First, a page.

These considerations do not appear to worry Coldwell Banker in part because the company’s head office is so small — there are only 12 people including support staff — no room for an IT department. How can Coldwell Banker hope to be on the cutting edge of technology without any IT professionals on its payroll?
In the past Coldwell Banker did not turn heads with its technology initiatives. But that changed in October 2002, when it hired Toronto-based Fort Nocs Networks as its primary service provider.
“”We work within Coldwell Banker’s budget to hit strategic hot spots,”” says Sean Hutchison, director of business development at Fort Nocs Networks.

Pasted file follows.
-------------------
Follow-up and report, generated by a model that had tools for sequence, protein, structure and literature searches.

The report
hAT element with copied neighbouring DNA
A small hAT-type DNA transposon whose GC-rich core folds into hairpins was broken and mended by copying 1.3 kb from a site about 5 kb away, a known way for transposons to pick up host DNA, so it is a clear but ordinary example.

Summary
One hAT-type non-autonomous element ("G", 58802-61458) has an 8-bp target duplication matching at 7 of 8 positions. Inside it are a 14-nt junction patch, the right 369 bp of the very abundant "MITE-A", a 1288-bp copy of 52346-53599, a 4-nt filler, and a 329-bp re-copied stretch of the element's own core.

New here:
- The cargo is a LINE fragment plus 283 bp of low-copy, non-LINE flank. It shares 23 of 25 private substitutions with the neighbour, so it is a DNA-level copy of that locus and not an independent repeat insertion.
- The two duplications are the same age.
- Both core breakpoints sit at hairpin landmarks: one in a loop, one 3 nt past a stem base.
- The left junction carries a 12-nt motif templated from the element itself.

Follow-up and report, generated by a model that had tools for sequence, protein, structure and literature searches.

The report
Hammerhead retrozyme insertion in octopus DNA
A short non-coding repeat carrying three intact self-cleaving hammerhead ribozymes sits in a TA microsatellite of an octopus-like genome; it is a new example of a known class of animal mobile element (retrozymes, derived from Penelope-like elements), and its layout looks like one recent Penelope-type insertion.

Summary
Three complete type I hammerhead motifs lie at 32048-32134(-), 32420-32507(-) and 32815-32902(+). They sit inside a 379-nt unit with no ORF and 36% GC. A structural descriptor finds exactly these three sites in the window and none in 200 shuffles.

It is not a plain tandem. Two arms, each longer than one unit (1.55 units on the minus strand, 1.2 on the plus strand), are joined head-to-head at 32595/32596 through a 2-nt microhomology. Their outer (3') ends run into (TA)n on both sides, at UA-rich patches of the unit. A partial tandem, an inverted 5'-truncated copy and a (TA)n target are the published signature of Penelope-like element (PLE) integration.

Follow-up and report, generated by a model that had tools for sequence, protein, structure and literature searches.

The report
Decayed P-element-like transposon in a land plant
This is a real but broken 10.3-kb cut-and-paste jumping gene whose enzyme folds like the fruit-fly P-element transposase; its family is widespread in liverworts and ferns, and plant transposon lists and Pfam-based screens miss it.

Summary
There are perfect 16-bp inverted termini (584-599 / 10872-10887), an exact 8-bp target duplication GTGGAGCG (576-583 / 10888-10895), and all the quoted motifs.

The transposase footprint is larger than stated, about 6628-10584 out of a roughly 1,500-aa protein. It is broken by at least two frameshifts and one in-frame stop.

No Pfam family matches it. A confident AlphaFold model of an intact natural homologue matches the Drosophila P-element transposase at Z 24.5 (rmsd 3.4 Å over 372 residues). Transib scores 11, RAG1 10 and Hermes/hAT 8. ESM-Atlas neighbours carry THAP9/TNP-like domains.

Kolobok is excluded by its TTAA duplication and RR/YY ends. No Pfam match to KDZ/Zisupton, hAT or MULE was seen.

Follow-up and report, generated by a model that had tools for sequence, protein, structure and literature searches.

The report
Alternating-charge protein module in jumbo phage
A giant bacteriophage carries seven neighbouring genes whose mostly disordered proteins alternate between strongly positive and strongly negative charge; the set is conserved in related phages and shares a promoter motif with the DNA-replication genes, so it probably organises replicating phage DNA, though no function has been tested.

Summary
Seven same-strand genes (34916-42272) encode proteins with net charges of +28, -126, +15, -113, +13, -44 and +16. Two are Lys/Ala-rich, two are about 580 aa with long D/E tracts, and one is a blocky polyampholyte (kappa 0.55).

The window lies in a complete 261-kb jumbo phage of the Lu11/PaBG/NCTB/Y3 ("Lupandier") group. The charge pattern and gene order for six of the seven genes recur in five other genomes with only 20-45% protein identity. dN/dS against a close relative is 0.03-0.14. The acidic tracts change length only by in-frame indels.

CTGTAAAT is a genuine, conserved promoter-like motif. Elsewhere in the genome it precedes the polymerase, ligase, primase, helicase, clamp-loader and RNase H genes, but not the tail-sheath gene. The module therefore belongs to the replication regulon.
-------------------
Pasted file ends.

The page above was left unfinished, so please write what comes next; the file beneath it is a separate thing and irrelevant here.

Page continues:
“”We don’t waste money on functionality unless we know it will impact the business.””
Since winning the account, Fort Nocs Networks has beefed up Coldwell Banker’s Web site by streamlining navigation and adding a video capability to the online presentation of properties. These changes have struck a chord with home buyers. The company’s Web site received 14 million hits in March 2003, a 250 per cent increase over 5.6 million hits in the same month a year earlier. In terms of online sessions — the more important metric — the year-over-year figures for the same month have grown to 400,000 from 160,000.
The increase is not entirely due to a stronger online presence — Coldwell Banker has also pumped more money into advertising — but the improved Web site has pushed the numbers up.
Some of the Web-based intranet tools developed by Fort Nocs include a listing application that allows agents to post a client’s home to Coldwell Banker’s Web site in minutes. And a paging/messaging application immediately notifies agents of in-coming e-mails from prospective clients.